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ICANN’s core principles and the expansion of generic top-level domain names

Research output: Contribution to journalJournal article


<mark>Journal publication date</mark>2012
<mark>Journal</mark>International Journal of Law and Information Technology
Issue number4
Number of pages18
Pages (from-to)273-290
<mark>Original language</mark>English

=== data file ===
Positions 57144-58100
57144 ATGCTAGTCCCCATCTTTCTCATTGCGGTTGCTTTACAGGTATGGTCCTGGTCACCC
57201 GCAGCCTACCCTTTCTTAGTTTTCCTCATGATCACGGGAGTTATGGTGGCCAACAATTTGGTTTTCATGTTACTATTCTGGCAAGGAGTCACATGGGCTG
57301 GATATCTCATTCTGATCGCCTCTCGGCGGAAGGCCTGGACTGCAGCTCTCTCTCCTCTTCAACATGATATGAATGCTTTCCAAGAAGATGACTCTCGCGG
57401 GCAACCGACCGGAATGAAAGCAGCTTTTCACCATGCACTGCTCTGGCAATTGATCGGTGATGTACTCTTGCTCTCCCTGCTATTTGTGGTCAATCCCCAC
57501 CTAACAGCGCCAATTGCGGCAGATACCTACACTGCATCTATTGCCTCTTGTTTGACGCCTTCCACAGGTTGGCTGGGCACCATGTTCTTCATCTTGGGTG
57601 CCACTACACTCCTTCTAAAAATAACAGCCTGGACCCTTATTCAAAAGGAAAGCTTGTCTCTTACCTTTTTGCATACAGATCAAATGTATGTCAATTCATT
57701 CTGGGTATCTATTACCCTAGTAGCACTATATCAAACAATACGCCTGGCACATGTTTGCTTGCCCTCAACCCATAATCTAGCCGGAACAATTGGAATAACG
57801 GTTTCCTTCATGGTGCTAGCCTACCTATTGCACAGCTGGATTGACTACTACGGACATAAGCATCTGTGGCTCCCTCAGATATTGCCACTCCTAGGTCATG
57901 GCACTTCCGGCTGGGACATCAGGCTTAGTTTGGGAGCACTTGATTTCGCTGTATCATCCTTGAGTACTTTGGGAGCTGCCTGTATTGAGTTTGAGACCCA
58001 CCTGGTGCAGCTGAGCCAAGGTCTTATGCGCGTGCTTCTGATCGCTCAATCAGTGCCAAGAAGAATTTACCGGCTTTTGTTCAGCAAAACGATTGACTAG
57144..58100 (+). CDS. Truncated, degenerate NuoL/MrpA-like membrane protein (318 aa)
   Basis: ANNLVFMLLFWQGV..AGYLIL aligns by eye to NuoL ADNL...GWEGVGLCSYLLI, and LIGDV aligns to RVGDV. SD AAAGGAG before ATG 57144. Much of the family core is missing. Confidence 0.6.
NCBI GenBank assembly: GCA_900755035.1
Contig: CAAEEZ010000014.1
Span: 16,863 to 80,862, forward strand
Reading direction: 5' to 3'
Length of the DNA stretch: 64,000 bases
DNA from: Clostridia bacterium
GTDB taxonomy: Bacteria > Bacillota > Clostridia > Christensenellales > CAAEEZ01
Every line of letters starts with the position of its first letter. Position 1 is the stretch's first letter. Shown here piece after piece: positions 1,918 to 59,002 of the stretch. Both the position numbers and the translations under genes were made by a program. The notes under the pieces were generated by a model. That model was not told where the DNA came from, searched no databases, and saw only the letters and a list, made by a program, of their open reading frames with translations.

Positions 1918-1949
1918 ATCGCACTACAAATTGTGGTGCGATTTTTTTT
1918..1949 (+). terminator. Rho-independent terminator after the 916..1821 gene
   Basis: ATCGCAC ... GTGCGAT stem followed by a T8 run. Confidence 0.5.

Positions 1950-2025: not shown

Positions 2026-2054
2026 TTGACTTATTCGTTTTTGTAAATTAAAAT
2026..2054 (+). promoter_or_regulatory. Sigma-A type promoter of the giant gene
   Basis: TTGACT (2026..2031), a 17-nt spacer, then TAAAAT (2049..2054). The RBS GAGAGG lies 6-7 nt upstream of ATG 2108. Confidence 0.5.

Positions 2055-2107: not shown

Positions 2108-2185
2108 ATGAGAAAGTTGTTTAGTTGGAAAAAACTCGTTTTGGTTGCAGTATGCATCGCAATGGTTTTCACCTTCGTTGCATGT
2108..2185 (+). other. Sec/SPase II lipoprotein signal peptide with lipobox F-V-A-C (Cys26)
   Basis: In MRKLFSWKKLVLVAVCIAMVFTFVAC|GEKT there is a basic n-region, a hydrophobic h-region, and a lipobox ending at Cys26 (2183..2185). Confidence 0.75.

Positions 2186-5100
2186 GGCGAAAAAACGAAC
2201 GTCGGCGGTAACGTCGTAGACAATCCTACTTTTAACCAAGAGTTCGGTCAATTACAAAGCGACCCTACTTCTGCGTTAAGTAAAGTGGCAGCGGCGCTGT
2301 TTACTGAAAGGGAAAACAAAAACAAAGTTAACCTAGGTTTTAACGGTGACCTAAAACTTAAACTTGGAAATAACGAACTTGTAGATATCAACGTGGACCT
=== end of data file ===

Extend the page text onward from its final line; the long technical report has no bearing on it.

ICANN is a self-regulatory body that oversees the registration of domain names and coordinates Internet protocol addresses. As a multi-stakeholder body with significant influence over the root of the Internet, ICANN’s role is crucial in order to maintain its stability and interoperability. From January 2012, a call for Expressions of Interest in the registration and running of generic top-level (g-TLD) domain names was opened. This process allows an applicant to self-select a g-TLD and then be responsible for registering second-level domain names. The initiative represents a significant expansion of available g-TLDs, which could potentially lead to an increase in cybersquatting. It also hands the power to register second-level domain names to a wider pool of registries. This is a pivotal point in ICANN’s development and how it manages the expansion will either highlight the strengths or expose the flaws in the nature of multi-stakeholder Internet governance. This article seeks to analyse the initiative to expand g-TLDs in relation to a number of ICANN’s initial core aims: stability, competition and private, bottom-up coordination.